Thursday, April 26, 2018
Worldwide Leader in Sports News
for the Deaf Community


Golden run for tennis ace

By Bradley Lowry

2018 Hannah Ramussen
STANDING STRONG: Hannah Rasmussen with coach Tina Kenniff won two gold medals at Australian Deaf Games.

TENNIS: Mackay tennis player Hannah Ramussen has overcome adversity since birth, but has never cried foul, and her tenacity has seen her crowned Australian champion.

Born two months premature, and suffering cerebral palsy, Hannah, 21, has endured years of physical therapy before winning two gold medals at the Australian Deaf Games in Albury in January.

Read more:

Source: Daily Mercury

Photo credit - Daily Mercury

Deaf Tennis Players Needed for U.S. Team at 2017 Deaflympics in Turkey

2017 DeaflympicsThe Tennis Committee of the USA Deaf Sports Federation is currently recruiting players with hearing disability to represent the U.S. at the 23rd Summer Deaflympics in Samsun, Turkey on July 18-30, 2017.

Read more:

Source: USTA Florida


Australian OpenMELBOURNE — Young tennis player Lee Duck-hee is on the verge of reaching the Australian Open main draw for the first time.

There’s just one thing which distinguishes Lee, 18, from his opponents — he has been completely deaf since birth.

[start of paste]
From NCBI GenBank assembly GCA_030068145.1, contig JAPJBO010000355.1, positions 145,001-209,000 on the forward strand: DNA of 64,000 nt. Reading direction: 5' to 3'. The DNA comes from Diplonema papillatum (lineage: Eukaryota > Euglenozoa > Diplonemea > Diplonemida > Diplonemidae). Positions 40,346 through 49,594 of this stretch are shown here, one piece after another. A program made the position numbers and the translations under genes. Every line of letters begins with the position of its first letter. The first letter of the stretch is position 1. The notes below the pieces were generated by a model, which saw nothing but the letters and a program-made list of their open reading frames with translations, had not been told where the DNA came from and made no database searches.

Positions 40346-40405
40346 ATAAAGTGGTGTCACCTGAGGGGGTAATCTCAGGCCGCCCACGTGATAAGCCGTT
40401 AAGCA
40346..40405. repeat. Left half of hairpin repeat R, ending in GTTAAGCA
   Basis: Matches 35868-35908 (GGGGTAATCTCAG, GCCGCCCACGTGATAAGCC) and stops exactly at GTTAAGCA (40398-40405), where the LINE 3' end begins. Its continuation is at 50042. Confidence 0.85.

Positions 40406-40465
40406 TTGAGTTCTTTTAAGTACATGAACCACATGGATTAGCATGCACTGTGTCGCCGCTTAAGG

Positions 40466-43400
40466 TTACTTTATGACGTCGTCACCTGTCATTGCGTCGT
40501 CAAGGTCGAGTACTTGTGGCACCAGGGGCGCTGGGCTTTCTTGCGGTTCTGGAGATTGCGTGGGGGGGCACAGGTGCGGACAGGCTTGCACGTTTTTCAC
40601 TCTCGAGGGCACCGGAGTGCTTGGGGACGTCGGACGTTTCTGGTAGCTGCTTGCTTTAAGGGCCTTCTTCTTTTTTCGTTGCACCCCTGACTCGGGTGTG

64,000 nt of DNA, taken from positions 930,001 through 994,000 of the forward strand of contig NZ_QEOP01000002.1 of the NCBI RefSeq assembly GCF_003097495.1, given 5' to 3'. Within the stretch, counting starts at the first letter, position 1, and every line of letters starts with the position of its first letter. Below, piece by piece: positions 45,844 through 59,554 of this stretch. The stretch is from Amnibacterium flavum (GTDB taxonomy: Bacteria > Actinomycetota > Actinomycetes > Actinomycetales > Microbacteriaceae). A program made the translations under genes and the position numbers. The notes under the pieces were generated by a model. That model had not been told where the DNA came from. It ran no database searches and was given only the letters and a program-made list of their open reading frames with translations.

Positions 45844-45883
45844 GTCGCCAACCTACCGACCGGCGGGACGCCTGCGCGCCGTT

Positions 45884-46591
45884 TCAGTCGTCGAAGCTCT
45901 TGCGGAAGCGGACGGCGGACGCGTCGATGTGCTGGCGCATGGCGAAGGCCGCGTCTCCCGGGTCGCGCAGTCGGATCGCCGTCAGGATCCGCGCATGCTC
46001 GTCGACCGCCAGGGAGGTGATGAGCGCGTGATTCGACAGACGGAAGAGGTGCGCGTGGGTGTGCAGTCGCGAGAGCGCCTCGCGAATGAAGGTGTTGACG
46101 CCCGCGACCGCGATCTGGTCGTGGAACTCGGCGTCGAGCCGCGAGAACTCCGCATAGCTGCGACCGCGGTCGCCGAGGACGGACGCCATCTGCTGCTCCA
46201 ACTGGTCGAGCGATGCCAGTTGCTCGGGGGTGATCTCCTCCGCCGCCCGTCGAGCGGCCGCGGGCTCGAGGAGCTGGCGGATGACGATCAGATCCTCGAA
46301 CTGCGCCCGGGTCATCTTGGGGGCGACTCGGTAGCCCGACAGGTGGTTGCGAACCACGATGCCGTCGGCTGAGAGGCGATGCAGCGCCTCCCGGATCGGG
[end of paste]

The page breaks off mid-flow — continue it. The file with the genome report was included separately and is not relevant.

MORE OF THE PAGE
Read more:

Source: E-Paper

How This Deaf Tennis Player Gamed an Auditory Sport

By Sarah Sloat

Lee Duck-hee is the 143rd-best tennis player in the world and the second-highest ranked professional in the 18-and-under category. The South Korean 18-year-old also happens to be deaf. His success is a mixture of pure talent, resilience in the face of adversity, and a testament to the scientifically proven fact that deafness can be an asset in tennis.

Read more:

Source: Inverse

For Deaf Tennis Player, Sound Is No Barrier

By Ben Rothenberg

ASAN, South Korea — To improve its chances in the boys’ team tennis event at the National Sports Festival here, Mapo High School in Seoul brought in a ringer from Jecheon, two hours southeast of the capital. His name was Lee Duck-hee, and he had first caught the coach’s eye when he was in elementary school.

Read more:

Source: New York Times

Sound of silence: Korea's Lee hits right note on tennis court

When your nervous system is without one of the most essential senses - hearing - you either curse life or find a way to overcome it and realise your dreams.

South Korean tennis player Duckhee Lee, who was born deaf, chose the second option.

Day in and day out he slugs it out on the professional circuit and has an immediate goal to break into the top-100. He also aspires to be the number one player in Asia.

Read more:

Source: Business Standard

Page 1 of 3

Turkish Deaf Sport

Drink water 300x250